While supportive of provisions in the House-passed version that would reform Medicare and allow competitive bidding in health plans, Flake was critical of President Bush’s plans to give away free drugs to all Americans, creating yet another form of government dependency. The cynical goal of the entitlement, he suggested, is to pacify senior citizens and buy their votes with billions of taxpayer dollars.

“Our goal ought to be to reform Medicare to ensure its solvency, but one can only assume that the goal of this plan, in its current form, is to buy votes,” he said.

The prescription drug bill passed the House by only one vote in the wee hours of June 27, over the objections of a small band of conservatives. (See HUMAN EVENTS rollcall, July 14, page 34.) Most of the votes against came from Democrats, eager to prevent Republicans from taking credit for creating a new entitlement.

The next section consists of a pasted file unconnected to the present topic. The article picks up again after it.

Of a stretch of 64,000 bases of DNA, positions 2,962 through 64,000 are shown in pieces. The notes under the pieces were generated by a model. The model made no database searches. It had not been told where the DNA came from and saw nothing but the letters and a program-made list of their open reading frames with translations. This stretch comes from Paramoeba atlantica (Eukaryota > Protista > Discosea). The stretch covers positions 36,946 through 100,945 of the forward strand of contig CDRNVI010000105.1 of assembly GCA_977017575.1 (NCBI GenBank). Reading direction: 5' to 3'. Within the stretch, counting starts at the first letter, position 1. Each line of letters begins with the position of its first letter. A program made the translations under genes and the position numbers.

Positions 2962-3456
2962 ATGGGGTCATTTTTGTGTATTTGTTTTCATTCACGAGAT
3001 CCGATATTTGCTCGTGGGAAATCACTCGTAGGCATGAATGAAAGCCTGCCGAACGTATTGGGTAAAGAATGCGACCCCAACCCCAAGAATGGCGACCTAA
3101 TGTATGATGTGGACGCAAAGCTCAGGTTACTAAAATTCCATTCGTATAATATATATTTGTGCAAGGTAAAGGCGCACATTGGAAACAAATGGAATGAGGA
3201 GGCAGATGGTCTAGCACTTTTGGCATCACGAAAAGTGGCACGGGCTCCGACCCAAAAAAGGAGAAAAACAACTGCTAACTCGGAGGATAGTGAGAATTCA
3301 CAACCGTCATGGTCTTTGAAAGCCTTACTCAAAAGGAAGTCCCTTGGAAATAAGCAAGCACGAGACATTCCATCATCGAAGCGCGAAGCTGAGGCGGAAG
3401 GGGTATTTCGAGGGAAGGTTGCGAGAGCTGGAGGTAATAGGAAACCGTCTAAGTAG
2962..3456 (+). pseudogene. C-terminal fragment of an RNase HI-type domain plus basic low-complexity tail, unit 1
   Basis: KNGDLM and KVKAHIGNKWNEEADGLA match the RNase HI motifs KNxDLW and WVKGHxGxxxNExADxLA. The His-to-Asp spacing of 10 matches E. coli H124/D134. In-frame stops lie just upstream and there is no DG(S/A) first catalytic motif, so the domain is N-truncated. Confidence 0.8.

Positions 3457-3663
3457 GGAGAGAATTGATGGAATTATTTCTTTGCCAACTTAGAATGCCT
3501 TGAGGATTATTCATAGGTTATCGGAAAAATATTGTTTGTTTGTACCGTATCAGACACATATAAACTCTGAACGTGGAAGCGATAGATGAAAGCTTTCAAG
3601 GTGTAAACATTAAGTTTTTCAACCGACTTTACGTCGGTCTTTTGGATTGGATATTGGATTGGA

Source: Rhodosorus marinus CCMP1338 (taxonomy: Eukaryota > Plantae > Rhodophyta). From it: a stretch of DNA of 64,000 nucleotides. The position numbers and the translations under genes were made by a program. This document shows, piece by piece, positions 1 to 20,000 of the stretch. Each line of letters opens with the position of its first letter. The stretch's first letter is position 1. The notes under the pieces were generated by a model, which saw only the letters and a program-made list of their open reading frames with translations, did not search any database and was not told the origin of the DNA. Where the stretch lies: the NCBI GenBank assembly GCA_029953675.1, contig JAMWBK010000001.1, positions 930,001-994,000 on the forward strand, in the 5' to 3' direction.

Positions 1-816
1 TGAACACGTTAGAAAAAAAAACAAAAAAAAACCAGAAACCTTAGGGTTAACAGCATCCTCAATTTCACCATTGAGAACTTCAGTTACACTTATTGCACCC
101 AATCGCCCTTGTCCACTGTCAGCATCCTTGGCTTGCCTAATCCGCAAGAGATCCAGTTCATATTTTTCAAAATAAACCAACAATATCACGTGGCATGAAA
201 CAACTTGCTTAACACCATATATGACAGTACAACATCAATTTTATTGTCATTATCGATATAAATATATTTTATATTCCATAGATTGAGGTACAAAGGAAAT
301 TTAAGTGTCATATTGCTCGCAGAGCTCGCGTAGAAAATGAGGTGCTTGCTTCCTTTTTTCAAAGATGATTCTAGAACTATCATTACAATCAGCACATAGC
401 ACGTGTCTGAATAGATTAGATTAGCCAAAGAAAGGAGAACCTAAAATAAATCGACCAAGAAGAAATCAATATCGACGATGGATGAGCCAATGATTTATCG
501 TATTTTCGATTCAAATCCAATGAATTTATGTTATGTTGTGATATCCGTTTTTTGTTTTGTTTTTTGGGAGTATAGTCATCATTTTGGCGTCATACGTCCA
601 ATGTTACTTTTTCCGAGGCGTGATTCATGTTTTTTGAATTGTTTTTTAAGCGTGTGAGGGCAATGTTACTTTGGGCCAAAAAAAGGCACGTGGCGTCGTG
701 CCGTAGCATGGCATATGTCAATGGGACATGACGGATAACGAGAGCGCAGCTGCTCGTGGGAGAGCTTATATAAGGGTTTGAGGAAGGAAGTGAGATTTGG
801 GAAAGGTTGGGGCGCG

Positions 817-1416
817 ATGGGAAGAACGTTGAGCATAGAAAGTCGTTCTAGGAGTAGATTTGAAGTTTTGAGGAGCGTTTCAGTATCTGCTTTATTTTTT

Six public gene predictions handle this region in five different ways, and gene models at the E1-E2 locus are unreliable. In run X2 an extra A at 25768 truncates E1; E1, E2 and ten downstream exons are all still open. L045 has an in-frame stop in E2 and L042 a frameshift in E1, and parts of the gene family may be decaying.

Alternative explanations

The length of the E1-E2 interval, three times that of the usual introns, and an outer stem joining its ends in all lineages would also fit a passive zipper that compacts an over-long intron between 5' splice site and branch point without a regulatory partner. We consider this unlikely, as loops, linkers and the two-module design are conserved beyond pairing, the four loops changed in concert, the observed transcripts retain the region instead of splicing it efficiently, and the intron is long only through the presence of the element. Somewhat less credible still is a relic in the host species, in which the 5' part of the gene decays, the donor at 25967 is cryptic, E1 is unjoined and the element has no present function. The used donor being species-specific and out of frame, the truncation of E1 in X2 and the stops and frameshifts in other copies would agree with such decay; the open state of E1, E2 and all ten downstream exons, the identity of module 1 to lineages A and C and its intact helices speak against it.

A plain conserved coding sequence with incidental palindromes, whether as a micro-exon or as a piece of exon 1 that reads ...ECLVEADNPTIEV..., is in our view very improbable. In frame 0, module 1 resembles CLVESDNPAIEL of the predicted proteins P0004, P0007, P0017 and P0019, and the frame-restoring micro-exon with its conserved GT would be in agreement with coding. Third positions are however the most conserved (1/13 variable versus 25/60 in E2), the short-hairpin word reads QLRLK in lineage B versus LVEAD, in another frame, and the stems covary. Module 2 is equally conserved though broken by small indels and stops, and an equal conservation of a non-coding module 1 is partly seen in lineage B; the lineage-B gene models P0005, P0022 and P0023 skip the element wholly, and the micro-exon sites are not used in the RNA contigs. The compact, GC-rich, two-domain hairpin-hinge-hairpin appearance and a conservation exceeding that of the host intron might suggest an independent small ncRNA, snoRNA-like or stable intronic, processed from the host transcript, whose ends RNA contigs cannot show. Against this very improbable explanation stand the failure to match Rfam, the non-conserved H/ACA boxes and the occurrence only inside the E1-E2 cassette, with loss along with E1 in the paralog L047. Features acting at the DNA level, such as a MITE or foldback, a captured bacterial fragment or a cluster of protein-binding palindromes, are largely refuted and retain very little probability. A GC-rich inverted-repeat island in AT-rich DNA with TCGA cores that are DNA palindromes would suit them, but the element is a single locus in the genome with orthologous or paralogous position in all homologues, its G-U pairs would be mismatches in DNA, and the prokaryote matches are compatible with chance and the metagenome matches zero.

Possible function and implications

Flake’s motion to instruct was largely symbolic, since it would not necessarily compel the conferees to change the prescription drug bill. However, it was significant that a majority of the Congressmen who supported the bill on June 27 also voted for Flake’s motion. This was a clear sign that they were reluctant in their support, which bodes ill for the possibility that any bill will emerge from conference at all, let alone by the October deadline the White House has set.

In other words, the vote-although the motion was soundly defeated-was viewed as a victory for conservatives, who do not want to see this expansion of the welfare state become law.

A “yes” vote was a vote for the Flake motion to instruct members of the House-Senate conference committee on the proposed prescription drug benefit to put a means test in the measure. A “no” vote was a vote against the motion to instruct.

FOR THE MOTION: 161 AGAINST THE MOTION: 234
REPUBLICANS FOR: 155
Aderholt
Akin
Baker
Ballenger
Barrett (SC)
Bartlett (MD)
Barton (TX)
Beauprez
Bereuter